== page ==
When K=o(n1/2) and λ=O(n/K1-m), λ2(K/n)3=o(λ(K/n)2) holds.
Proof of Theorem <xref ref-type="statement" rid="thm1">1</xref>.
We write
(A.2)C(x∣n,K,λ)=2σ2nB(x)TGn-1DmTDmGn-1B(x)+2σ2nB(x)T{Λn-1-Gn-1}DmTDmGn-1B(x).
Since
(A.3)Λn-1-Gn-1=Λn-1{I-ΛnGn-1}=λnΛn-1DmTDmGn-1,
we have ∥Λn-1-Gn-1∥∞=O(λK2/n) and hence the second term of right hand side of (A.2) can be shown O((K/n)2(λK/n)). From Lemma A.1, it is easy to derive that C(x∣n,K,0)=O(K(K/n)). Consequently we have
(A.4)C(x∣n,K,λ)K=C(x∣n,K,0)K+O((Kn)2(λn))=C(x∣n,K,0)K+o(Kn)
and this leads to Theorem 1.
Proof of Theorem <xref ref-type="statement" rid="thm2">2</xref>.
It is sufficient to prove that ∫abD1n(x∣b*)dx=O(K2(1-m)) and
(A.5)∫abD2n(x∣f(p+1),b*)dx=O(K-(p+m))+O(K2n).
Since
(A.6)|∫ab{B(x)TGn-1DmTDmb*}2dx|≤supx∈[a,b][{B(x)TGn-1DmTDmb*}2](a-b),
we have
(A.7)∫abD1n(x∣b*)dx=O(K2(1-m))
by using Lemma A.1 and the fact that ∥Dmb*∥∞=O(K-m) (see Yoshida [31]).
From the property of B-spline function, for (K+p) square matrix A, there exists C>0 such that
(A.8)∫abB(x)TAB(x)dx≤∥A∥∞∫abB(x)TB(x)dx≤∥A∥∞C.
In other words, the asymptotic order of ∫abB(x)TAB(x)dx and that of ∥A∥∞ are the same. Let An=Gn-1DmTDmGn-1. Then, since ∥An∥∞=K2, we obtain
(A.9)∫abC(x∣n,K,0)dx=O(K2n).
Furthermore because supa∈[a.b]{ba(x)}=O(1), we have
(A.10)K-(p+1)|∫abba(x)B(x)TGn-1DmTDmb*dx|=O(K-(p+m)),
and hence it can be shown that
(A.11)∫abD2n(x∣f(p+1),b*)dx=O(K-(p+m))+O(n-1K2).
Together with (A.7) and (A.11), λopt=O(nKm-p-2+K2m) can be obtained. Then rate of convergence of the penalized spline estimator with λopt is O(n-2(p+2)/(2p+3)) when K=O(n1/(2p+3)), which is detailed in Yoshida and Naito [22].
Conflict of Interests
The author declares that there is no conflict of interests regarding the publication of this paper.
Acknowledgment
The author also would like to thank two anonymous referees for their careful reading and comments to improve the paper.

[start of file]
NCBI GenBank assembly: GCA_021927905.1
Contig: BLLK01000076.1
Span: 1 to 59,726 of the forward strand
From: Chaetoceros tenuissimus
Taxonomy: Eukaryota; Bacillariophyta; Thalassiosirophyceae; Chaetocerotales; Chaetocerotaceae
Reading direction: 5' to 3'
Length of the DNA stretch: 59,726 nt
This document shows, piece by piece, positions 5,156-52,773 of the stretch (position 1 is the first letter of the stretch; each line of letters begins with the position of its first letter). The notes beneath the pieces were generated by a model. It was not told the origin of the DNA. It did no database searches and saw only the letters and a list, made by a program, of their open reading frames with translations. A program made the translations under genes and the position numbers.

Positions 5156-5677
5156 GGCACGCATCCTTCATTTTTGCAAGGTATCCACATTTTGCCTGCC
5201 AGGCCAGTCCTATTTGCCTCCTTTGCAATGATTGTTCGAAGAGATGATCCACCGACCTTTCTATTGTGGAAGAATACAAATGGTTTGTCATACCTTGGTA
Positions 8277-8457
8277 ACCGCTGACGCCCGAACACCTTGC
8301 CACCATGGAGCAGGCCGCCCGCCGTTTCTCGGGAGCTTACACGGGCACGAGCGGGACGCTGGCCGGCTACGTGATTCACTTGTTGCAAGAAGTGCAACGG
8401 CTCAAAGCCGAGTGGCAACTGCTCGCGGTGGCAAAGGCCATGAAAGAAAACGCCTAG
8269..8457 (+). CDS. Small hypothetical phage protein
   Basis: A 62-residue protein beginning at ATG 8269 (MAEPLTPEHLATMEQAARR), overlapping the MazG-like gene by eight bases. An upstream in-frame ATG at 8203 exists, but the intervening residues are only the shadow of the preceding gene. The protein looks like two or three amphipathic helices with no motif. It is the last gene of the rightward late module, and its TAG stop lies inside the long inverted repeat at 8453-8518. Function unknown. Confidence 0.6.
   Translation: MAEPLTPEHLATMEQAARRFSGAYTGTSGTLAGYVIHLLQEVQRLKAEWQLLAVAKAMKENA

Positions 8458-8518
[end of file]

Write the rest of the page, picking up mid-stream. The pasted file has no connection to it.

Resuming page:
O'SullivanF.A statistical perspective on ill-posed inverse problemsEilersP. H. C.MarxB. D.Flexible smoothing with B-splines and penaltiesMarxB. D.EilersP. H. C.Direct generalized additive modeling with penalized likelihoodRuppertD.WandM. P.CarrollR. J.KrivobokovaT.Smoothing parameter selection in two frameworks for penalized splinesReissP. T.OgdenR. T.Smoothing parameter selection for a class of semiparametric linear modelsWoodS. N.Modelling and smoothing parameter estimation with multiple quadratic penaltiesWoodS. N.Stable and efficient multiple smoothing parameter estimation for generalized additive modelsWoodS. N.Fast stable direct fitting and smoothness selection for generalized additive modelsLinX.ZhangD.Inference in generalized additive mixed models by using smoothing splinesWandM. P.Smoothing and mixed modelsFahrmeirL.KneibT.LangS.Penalized structured additive regression for space-time data: a Bayesian perspectiveFahrmeirL.KneibT.Propriety of posteriors in structured additive regression models: theory and empirical evidenceHeinzlF.FahrmeirL.KneibT.Additive mixed models with Dirichlet process mixture and P-spline priorsKauermannG.A note on smoothing parameter selection for penalized spline smoothingHallP.OpsomerJ. D.Theory for penalised spline regressionLiY.RuppertD.On the asymptotics of penalized splinesClaeskensG.KrivobokovaT.OpsomerJ. D.Asymptotic properties of penalized spline estimatorsKauermannG.KrivobokovaT.FahrmeirL.Some asymptotic results on generalized penalized spline smoothingWangX.ShenJ.RuppertD.On the asymptotics of penalized spline smoothingYoshidaT.NaitoK.Asymptotics for penalized additive B-spline regressionYoshidaT.NaitoK.Asymptotics for penalized splines in generalized additive modelsXiaoL.LiY.RuppertD.Fast bivariate P-splines: the sandwich smootherRuppertD.SheatherS. J.WandM. P.An effective bandwidth selector for local least squares regressionWandM. P.JonesM. C.de BoorC.RuppertD.Selecting the number of knots for penalized splinesZhouS.ShenX.WolfeD. A.Local asymptotics for regression splines and confidence regionsRobinsonG. K.That BLUP is a good thing: the estimation of random effectsHastieT. J.TibshiraniR. J.YoshidaT.Asymptotics for penalized spline estimators in quantile regression